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Golf Life: Maybach

If you are a decamillionaire, Mercedes-Benz would very much like you to get to know the name Maybach.

If you have to ask, a decamillionaire, according to a helpful Mercedes public-relations rep I chatted with recently, is someone with invested assets of at least $10 million. "That's liquid investments," the rep explained patiently. "It doesn't count real estate."

Of course not.

Obviously the number of decamillionaires in the United States is rather small, which suits Mercedes-Benz just fine: The company expects to sell just 400 to 500 Maybachs annually among its seventy or so U.S. dealers, and 800 to 1,000 worldwide.

Given the vehicle's price tag, which starts at $359,500—and don't expect any zero percent financing, hefty cash rebates or cushy owner-loyalty incentives—400 units seems to be a reasonable sales goal and decamillionaires obviously the correct demographic for this highest of high-end sedans. So what exactly is a Maybach, anyway, besides expensive?

The name is a stylistic homage to Wilhelm Maybach, who worked closely with Gottlieb Daimler in the latter part of the nineteenth century to build the first internal combustion engine. Wilhelm later designed the first Mercedes car in 1901; his son, Karl, custom built ultra-high-end luxury cars, selling them under the Maybach name, from 1921 to '41.

And now, sixty-some years later, the name lives again. The new Maybachs are front-engined, rear-wheel-drive behemoths: the 57 and the 62. Lest one find those monikers clumsy, know that they were named in the same manner as luxury yachts—by length. Hence the 57 is 5.7 meters long and the 62 is 6.2 meters long. For those of you not conversant in the metric system, this makes the Maybach 62 almost two feet longer than a Chevy Suburban.

Not content with just the yachting reference, company officials say their sedan is "designed to drive like a private luxury jet for the road."

Tall words, perhaps, but ones the car itself backs up—and then some. Our tester was a 62, which is expected to account for 15 percent of the company's annual U.S. sales (sixty to seventy-five cars).

Both the 57 and the 62 are powered by astonishing 543-horsepower (if you pay attention to such things, that's more than many Ferraris) V-12 twin-turbo engines that are turbine-smooth yet rocket the three-ton giants from zero to 60 m.p.h. in 5.2 seconds for the 57 and 5.4 seconds for the 62. Maybach expects most of the 57 models to be owner-driven, with the 62s primarily to be chauffeur-driven.

In truth, in most situations the 62 didn't feel all that different from a Mercedes S-Class sedan: plenty of power, first-rate brakes and a smooth balance of riding and handling. Its enormous girth was an issue only when parking or navigating tight spaces.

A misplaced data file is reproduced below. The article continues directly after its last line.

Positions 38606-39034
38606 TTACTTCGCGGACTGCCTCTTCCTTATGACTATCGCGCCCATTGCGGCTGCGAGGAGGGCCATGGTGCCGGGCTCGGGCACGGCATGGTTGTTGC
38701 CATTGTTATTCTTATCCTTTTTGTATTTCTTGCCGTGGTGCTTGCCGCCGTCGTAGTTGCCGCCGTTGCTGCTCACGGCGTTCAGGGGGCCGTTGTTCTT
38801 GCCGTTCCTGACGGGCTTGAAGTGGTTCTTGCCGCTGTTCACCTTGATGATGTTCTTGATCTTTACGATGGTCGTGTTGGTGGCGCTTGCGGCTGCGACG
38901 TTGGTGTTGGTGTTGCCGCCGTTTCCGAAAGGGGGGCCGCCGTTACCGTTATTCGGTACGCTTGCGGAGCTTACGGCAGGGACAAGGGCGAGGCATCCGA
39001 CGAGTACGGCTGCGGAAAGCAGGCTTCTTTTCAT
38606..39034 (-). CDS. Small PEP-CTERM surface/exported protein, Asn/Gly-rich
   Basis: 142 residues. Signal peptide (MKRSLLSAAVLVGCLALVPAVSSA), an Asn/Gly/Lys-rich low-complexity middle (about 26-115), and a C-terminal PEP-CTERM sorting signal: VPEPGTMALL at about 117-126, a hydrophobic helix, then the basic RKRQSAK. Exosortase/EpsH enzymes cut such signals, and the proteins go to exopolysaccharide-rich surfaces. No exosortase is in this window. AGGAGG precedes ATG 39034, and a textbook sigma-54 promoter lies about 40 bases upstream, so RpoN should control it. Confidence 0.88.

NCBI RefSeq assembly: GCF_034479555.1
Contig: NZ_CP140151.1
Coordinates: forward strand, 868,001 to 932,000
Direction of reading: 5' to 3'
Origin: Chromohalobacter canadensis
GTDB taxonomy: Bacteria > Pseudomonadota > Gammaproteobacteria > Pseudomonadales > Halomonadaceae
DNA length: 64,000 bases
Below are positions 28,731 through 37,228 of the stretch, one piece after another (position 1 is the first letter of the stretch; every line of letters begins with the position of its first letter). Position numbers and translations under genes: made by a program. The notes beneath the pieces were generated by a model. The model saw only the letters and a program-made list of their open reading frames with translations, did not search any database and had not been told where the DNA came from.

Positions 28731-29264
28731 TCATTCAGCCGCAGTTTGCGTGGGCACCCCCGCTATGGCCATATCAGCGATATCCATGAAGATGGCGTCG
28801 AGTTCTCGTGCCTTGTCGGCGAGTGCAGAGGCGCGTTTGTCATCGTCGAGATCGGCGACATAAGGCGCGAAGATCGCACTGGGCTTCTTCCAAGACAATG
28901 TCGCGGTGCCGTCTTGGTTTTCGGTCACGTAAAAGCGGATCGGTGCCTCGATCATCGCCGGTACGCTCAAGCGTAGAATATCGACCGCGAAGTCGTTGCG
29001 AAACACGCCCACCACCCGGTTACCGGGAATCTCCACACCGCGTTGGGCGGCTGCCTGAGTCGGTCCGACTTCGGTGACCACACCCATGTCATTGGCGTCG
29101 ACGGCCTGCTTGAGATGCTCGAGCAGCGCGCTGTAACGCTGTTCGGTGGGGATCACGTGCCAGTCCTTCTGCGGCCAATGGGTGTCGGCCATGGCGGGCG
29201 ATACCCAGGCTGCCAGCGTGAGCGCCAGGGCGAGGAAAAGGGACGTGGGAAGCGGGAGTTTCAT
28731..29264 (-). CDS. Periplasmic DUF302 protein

Clearly, the way to go in a 62 is to have your own driver. Only then can you fully appreciate and enjoy the stunningly sophisticated and utterly Teutonic bells and whistles available to you in the back of the car. Let's start with the rear seats, which recline like Barcaloungers and are covered in rich Napa leather. Press a button and you're provided with an air-driven back massage. There are built-in footrests and thigh supports, as well as seven electric motors within each seat to adjust the fit and feel.

The rear center console is like nothing ever seen in an automobile before, sporting a DVD player, television, six-disc CD changer, telephone and refrigerator, plus a sort of decamillionaire cup holder: a device that cradles a champagne bottle and two sterling silver goblets (included) firmly in place while driving.

Two folding tables made of machined aluminum and fine wood are standard in the 62 and optional in the 57. Next year, Maybach will also offer a combination fax machine/printer in the rear compartment and a trunk-mounted Internet router to allow wireless computing from the backseat.

Naturally, the list of amenities is staggering: It includes side curtains, a built-in jewelry drawer, front and rear climate-control systems and ceiling-mounted instruments that allow passengers to track speed and weather, among other things. There's even an optional electroluminescent roof that lets in varying amounts of light, depending on the passengers' wishes.

The back of each front seat has a 9.5-inch LCD screen for watching television or DVDs. Two rear-seat passengers can each watch something different if so inclined, taking in the sound through wireless audiophile-grade headphones. There's also a breathtaking, bombastic twenty-one-speaker Bose Surround Everywhere Dolby sound system.

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